"Meeting the Needs of Today's Girl": Youth Organizations and the Making of a Modern Girlhood, 1945-1980

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Overview

Title
"Meeting the Needs of Today's Girl": Youth Organizations and the Making of a Modern Girlhood, 1945-1980
Contributors
Foley, Jessica L (creator)
Buhle, Mari (Director)
Self, Robert (Reader)
Meckel, Richard (Reader)
Brown University. History (sponsor)
Doi
10.7301/Z0J67F5C
Copyright Date
2010
Abstract
In the 1910s, groups of middle-class women began organizing voluntary youth organizations to provide a blend of recreation, spirituality, patriotism, and character development for America's girls. Since their modest beginnings, girls' clubs have cycled millions of young women through character training programs that contained within them gendered notions of citizenship, work, education, and sexuality. This dissertation examines two of these groups, the Girl Scouts of the U.S.A. and the Young Women's Christian Association's Y-Teens, from the end of World War II through 1980. Drawing on training manuals, handbooks, correspondence, periodicals, contemporary social science, oral histories, and surveys, it explores how femininity and womanhood were related to girls in the mid-twentieth century, as well as how girls constructed their own identities within these spaces.At their heart, girls' organizations sought an ideal of American girlhood that balanced the development of individual interests, talents, and abilities with social expectations for women. Chapters examine the Girl Scouts' and YWCA's conception of the female citizen in the immediate postwar period, their approach to interracial cooperation and integration in the 1950s and early 1960s, and their initiatives with respect to vocational and educational planning for girls. The final chapter examines their feminist evolution in the 1970s, which found them preparing young women for a much wider range of social and political roles. Standing at the intersection of American beliefs about childhood, citizenship, gender, and womanhood, this dissertation argues that in a relatively conservative period that celebrated women's place in the domestic sphere, these organizations encouraged adolescent girls to embrace a model of adult womanhood that valorized individual agency, careers outside the home, and progressive ideas on racial and social equality, in addition to domesticity.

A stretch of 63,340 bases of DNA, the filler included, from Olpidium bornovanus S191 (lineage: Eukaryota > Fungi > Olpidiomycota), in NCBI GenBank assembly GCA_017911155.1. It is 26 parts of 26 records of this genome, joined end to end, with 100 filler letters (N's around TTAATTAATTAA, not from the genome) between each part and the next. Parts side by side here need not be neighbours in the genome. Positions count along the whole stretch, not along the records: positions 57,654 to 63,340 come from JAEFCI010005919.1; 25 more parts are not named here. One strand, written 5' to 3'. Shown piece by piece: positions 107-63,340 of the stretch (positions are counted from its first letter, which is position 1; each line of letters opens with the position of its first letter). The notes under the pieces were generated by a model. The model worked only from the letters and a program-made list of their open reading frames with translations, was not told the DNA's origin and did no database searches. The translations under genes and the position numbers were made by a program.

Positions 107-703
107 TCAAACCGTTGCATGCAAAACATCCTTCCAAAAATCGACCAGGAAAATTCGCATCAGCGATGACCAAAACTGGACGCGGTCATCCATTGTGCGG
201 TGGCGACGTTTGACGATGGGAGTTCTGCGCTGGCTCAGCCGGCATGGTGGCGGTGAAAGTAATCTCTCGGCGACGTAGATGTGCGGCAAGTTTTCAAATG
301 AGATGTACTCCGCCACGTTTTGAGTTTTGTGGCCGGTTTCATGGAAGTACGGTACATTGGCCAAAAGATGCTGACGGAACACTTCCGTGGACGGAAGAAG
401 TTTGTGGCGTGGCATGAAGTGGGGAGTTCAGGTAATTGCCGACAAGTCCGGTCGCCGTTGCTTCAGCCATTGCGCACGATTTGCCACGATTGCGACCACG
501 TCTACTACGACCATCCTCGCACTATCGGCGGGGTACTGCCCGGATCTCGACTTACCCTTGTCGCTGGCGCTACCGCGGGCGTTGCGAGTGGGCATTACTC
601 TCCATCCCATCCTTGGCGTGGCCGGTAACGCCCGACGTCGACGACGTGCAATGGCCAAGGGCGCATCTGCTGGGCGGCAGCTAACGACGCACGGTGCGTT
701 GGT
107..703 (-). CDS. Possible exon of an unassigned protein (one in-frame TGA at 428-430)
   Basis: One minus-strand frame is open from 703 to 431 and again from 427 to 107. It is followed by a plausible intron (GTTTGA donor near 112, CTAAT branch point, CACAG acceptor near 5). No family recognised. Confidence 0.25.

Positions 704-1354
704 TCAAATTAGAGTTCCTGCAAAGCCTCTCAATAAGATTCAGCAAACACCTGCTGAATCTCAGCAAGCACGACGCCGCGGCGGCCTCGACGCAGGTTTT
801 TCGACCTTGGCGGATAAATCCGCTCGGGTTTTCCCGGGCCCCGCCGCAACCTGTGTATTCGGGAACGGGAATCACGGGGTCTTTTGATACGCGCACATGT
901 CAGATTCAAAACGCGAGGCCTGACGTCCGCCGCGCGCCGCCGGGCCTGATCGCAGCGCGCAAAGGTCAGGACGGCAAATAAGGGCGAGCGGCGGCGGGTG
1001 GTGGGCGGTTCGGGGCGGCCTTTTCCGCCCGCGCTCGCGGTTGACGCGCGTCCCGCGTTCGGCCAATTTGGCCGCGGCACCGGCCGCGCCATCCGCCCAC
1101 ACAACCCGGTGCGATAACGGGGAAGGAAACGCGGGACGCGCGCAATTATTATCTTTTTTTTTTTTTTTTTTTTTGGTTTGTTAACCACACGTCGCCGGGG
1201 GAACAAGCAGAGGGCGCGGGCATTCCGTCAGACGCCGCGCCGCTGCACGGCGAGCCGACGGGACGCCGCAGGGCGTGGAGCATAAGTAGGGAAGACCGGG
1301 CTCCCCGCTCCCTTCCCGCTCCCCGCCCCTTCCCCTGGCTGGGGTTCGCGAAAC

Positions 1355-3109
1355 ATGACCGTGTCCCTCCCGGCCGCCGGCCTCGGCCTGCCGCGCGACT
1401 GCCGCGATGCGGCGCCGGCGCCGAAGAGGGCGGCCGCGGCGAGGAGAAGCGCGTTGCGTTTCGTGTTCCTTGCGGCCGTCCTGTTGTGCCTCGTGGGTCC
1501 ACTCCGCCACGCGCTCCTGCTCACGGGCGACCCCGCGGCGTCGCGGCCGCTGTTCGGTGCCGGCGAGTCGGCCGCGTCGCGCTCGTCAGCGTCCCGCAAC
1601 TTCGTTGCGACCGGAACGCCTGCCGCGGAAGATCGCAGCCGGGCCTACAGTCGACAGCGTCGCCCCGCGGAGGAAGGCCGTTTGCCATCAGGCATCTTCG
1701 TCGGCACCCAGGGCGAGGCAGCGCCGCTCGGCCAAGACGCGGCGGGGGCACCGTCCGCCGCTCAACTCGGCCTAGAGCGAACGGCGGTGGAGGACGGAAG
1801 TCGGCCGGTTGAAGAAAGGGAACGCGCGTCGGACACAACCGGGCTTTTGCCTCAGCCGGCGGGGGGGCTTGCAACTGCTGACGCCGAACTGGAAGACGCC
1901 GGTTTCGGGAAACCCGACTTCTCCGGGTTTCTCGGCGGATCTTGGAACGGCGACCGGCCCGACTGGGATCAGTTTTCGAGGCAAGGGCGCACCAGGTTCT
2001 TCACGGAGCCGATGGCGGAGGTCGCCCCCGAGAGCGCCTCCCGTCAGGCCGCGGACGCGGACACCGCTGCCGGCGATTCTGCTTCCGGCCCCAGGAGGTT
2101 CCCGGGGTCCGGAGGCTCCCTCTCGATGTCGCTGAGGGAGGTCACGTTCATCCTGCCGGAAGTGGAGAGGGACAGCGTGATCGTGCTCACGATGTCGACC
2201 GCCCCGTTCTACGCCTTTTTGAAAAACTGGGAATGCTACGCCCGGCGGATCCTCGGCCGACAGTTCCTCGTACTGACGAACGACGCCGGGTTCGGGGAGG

Keywords
Girlhood
Childhood
Activism
Postwar
Women
Girls
Children
Education
Notes
Thesis (Ph.D. -- Brown University (2010)
Extent
vii, 292 p.

Citation

Foley, Jessica L., "'Meeting the Needs of Today's Girl': Youth Organizations and the Making of a Modern Girlhood, 1945-1980" (2010). History Theses and Dissertations. Brown Digital Repository. Brown University Library. https://doi.org/10.7301/Z0J67F5C

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